Neighbors Rally, Revive 'Community' Stadium

August 31, 2015

By Geoff Kimmerly
Second Half editor

MOUNT PLEASANT – Josh Wheaton stood admiring the Community Memorial Stadium grass a little less than a year ago, and he knew what was coming next. 

The weeks of trampling to come would produce the same result as every year beginning in mid-September.

“I’m looking at it and thinking, I can’t believe a week ago it was exactly the way you’d want your yard to look,” said Wheaton, a varsity assistant coach for Mount Pleasant’s football team. “And now, it’s this. It’s the same every year. I knew it was coming – and by weeks 7, 8, 9, we were going to be playing in a mud pit.” 

But less than a year later, as the team prepared for its first game last week, Wheaton and his Oilers – and co-tenant Mount Pleasant Sacred Heart as well – all were enjoying something that defied any expectation: a project pulled off so quickly, it spoke well to the name of the stadium the schools share.

In less than a year, supporters of Mount Pleasant High and Sacred Heart Academy raised $600,000, secured another $300,000 in donated work, and assisted in the transformation of the stadium from an aging landmark built 50 years ago to what should again be one of mid-Michigan’s athletic jewels for years to come.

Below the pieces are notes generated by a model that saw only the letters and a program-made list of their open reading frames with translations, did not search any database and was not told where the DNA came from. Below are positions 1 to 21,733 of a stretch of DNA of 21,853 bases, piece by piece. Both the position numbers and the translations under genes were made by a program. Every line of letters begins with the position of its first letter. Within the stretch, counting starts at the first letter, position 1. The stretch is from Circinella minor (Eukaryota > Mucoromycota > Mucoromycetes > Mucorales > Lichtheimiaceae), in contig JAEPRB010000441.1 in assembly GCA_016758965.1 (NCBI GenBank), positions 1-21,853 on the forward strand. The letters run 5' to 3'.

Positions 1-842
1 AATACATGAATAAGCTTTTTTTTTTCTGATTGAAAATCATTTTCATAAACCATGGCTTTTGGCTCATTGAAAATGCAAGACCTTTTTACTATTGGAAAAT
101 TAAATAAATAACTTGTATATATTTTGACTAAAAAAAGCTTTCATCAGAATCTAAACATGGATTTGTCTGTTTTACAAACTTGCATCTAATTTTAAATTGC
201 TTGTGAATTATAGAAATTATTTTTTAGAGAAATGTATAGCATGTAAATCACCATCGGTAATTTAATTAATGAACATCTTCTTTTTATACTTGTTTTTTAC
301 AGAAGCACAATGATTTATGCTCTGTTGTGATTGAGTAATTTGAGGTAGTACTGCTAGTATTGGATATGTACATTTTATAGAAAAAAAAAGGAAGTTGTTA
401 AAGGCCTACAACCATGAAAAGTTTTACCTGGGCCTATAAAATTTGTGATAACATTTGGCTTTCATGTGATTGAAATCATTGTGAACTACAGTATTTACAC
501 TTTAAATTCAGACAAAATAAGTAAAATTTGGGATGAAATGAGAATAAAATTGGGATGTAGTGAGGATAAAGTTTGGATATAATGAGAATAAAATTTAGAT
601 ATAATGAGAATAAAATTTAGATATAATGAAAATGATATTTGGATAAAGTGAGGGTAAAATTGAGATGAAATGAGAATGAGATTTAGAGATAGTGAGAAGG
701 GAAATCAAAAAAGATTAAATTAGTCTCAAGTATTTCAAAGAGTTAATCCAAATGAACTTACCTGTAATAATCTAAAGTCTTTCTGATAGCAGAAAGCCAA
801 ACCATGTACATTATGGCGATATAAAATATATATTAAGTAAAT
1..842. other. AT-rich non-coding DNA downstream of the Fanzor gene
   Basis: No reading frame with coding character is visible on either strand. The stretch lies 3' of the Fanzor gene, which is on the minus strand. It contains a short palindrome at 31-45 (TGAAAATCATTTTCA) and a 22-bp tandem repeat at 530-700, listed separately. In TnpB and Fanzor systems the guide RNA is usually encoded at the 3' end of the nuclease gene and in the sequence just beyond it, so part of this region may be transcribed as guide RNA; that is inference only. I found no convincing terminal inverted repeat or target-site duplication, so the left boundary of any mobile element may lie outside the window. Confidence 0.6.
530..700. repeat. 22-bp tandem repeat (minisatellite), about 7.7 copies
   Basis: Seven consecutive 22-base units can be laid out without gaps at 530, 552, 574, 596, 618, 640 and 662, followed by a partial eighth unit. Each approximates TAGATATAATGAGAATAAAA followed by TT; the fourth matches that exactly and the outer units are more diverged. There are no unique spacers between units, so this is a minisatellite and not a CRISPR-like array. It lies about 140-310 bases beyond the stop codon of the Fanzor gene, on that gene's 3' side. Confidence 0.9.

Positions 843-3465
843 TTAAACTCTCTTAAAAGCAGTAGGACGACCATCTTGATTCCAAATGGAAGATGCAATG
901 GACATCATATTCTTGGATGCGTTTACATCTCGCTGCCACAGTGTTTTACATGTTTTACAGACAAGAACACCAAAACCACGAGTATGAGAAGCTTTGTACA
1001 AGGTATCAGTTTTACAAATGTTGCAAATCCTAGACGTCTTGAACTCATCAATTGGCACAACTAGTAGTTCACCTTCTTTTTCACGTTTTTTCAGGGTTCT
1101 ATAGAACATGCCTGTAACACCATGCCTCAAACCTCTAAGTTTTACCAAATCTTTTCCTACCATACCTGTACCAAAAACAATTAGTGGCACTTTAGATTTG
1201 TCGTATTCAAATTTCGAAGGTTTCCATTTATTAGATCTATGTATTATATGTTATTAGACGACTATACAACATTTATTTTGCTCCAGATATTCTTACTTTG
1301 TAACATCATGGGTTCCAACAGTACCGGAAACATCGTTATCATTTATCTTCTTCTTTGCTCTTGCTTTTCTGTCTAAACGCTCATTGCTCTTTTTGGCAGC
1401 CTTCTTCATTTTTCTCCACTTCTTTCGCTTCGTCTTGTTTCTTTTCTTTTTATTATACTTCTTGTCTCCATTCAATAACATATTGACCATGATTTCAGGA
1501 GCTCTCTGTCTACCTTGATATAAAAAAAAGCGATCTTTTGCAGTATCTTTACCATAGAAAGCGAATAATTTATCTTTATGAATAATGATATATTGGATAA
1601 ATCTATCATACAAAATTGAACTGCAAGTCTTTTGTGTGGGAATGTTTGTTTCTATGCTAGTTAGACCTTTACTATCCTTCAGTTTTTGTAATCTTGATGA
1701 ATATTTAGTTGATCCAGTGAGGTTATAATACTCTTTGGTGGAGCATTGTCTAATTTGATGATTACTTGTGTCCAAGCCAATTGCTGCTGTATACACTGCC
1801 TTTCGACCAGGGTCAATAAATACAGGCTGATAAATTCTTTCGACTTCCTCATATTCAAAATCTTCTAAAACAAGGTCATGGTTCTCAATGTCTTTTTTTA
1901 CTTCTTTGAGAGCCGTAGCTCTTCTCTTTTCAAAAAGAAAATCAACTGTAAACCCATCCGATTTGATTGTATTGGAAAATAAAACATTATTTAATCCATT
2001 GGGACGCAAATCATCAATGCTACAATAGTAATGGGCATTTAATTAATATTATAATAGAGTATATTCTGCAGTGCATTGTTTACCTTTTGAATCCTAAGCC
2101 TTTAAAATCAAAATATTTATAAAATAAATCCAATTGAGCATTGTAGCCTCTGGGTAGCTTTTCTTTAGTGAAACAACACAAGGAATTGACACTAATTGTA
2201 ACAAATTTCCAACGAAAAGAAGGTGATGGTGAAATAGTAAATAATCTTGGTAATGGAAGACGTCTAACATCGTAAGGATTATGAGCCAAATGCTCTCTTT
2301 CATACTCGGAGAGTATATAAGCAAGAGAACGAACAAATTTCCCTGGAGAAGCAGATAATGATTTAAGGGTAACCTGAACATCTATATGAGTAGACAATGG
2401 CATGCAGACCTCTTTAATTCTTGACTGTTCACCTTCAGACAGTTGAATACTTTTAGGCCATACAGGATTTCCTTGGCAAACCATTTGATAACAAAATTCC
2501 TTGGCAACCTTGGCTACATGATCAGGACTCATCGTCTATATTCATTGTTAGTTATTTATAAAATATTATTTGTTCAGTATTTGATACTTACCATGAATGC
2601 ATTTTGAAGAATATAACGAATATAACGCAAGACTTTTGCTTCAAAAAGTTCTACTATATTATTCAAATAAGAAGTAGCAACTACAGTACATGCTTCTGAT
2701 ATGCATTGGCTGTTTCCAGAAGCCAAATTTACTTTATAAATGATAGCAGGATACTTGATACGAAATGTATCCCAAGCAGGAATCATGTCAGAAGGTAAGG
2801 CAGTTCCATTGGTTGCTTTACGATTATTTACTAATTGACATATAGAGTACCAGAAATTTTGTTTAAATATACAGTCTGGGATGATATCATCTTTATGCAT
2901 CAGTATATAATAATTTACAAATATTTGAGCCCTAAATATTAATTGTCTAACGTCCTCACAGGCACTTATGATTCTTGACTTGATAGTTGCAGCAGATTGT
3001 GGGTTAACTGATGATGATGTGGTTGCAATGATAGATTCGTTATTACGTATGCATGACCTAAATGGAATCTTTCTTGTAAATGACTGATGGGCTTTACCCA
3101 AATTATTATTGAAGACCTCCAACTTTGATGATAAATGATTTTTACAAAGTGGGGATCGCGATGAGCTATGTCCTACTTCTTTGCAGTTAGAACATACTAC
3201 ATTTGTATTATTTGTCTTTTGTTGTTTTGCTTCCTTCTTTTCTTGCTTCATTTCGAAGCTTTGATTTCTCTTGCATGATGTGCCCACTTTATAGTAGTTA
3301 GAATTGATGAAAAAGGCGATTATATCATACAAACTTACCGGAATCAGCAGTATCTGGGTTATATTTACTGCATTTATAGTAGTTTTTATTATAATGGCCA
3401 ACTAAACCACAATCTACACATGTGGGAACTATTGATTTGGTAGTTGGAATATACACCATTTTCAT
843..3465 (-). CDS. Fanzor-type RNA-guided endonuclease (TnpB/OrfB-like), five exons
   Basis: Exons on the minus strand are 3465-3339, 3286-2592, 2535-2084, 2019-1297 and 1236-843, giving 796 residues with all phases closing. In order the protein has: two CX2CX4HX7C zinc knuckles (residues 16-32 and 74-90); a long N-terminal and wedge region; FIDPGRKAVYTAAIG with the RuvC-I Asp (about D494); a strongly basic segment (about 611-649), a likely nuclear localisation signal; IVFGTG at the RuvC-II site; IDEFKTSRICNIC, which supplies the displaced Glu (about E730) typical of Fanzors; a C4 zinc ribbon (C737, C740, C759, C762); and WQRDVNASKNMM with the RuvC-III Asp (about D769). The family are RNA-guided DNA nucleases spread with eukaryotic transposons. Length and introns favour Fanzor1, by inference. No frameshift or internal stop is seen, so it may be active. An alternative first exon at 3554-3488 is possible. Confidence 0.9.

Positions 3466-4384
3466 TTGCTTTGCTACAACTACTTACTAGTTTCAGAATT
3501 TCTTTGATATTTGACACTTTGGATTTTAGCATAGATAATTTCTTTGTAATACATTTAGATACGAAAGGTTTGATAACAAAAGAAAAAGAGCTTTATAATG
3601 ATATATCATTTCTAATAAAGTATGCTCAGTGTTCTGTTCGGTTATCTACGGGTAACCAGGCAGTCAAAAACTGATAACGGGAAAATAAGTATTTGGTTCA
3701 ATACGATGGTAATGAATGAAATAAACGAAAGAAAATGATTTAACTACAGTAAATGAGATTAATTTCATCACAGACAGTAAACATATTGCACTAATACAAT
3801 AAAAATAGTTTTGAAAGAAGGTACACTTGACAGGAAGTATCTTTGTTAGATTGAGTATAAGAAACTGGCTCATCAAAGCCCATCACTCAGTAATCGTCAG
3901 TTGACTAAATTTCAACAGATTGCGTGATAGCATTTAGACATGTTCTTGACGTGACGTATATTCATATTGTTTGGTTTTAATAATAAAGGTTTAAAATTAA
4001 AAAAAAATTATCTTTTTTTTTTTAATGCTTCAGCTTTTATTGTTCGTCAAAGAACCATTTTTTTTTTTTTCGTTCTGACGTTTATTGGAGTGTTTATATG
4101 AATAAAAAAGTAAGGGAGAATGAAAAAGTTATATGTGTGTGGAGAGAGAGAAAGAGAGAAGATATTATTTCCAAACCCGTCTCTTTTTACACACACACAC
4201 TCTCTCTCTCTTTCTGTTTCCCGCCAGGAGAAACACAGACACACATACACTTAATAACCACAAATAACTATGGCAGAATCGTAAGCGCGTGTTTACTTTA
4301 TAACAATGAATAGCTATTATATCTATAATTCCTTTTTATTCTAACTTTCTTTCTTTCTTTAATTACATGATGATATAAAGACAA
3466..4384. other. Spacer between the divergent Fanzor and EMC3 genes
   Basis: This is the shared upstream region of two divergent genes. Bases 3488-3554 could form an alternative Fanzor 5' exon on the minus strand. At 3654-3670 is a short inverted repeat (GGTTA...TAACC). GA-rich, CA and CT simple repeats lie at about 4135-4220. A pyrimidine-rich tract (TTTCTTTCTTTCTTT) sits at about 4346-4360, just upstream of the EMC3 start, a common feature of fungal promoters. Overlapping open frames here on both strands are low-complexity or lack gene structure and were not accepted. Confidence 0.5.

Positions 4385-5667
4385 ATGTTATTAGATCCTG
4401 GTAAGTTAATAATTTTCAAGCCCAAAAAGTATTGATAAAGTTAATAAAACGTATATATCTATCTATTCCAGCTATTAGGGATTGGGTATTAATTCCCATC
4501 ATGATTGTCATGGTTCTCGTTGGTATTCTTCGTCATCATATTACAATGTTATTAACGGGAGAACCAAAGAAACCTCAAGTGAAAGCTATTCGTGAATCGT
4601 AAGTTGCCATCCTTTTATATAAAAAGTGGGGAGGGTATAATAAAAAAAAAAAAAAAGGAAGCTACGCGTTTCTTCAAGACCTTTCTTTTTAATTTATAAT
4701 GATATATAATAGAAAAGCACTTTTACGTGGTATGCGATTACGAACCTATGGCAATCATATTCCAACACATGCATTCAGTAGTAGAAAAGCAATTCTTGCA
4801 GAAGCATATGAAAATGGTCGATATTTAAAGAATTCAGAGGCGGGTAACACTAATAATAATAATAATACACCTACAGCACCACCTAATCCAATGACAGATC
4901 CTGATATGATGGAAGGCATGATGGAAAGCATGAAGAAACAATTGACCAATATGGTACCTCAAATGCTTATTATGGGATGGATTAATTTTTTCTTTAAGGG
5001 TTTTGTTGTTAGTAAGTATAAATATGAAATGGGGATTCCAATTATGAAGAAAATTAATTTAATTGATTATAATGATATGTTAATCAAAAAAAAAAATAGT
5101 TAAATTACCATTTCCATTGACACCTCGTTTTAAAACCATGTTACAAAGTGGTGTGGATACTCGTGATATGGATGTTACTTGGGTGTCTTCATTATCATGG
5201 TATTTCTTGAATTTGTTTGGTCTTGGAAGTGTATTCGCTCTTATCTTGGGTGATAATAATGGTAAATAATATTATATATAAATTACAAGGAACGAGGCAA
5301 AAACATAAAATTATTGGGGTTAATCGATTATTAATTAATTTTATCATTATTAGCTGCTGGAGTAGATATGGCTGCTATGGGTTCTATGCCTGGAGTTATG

The schools reopened the stadium Friday for a doubleheader. Sacred Heart fell to rival Beal City in the opener, and Mount Pleasant then defeated Midland Dow to finish a night that saw more than 5,000 fans pass through the new gates and witness the official debut of stunning two-tone green turf that served as the main focus of a renovation that has only just begun.

“It is a community that believes in young people and certainly believes in athletics,” Mount Pleasant athletic director Jim Conway said. “I think being in a college town (with Central Michigan University), there’s that collegiate portion to it where the kids start (here), and many end up matriculating over there. And we sit right here in the middle of the city, and being the shared facility, that is kind of the focal point. We were able to use that and people latched on and wanted to be a part of it, and we’re still going.”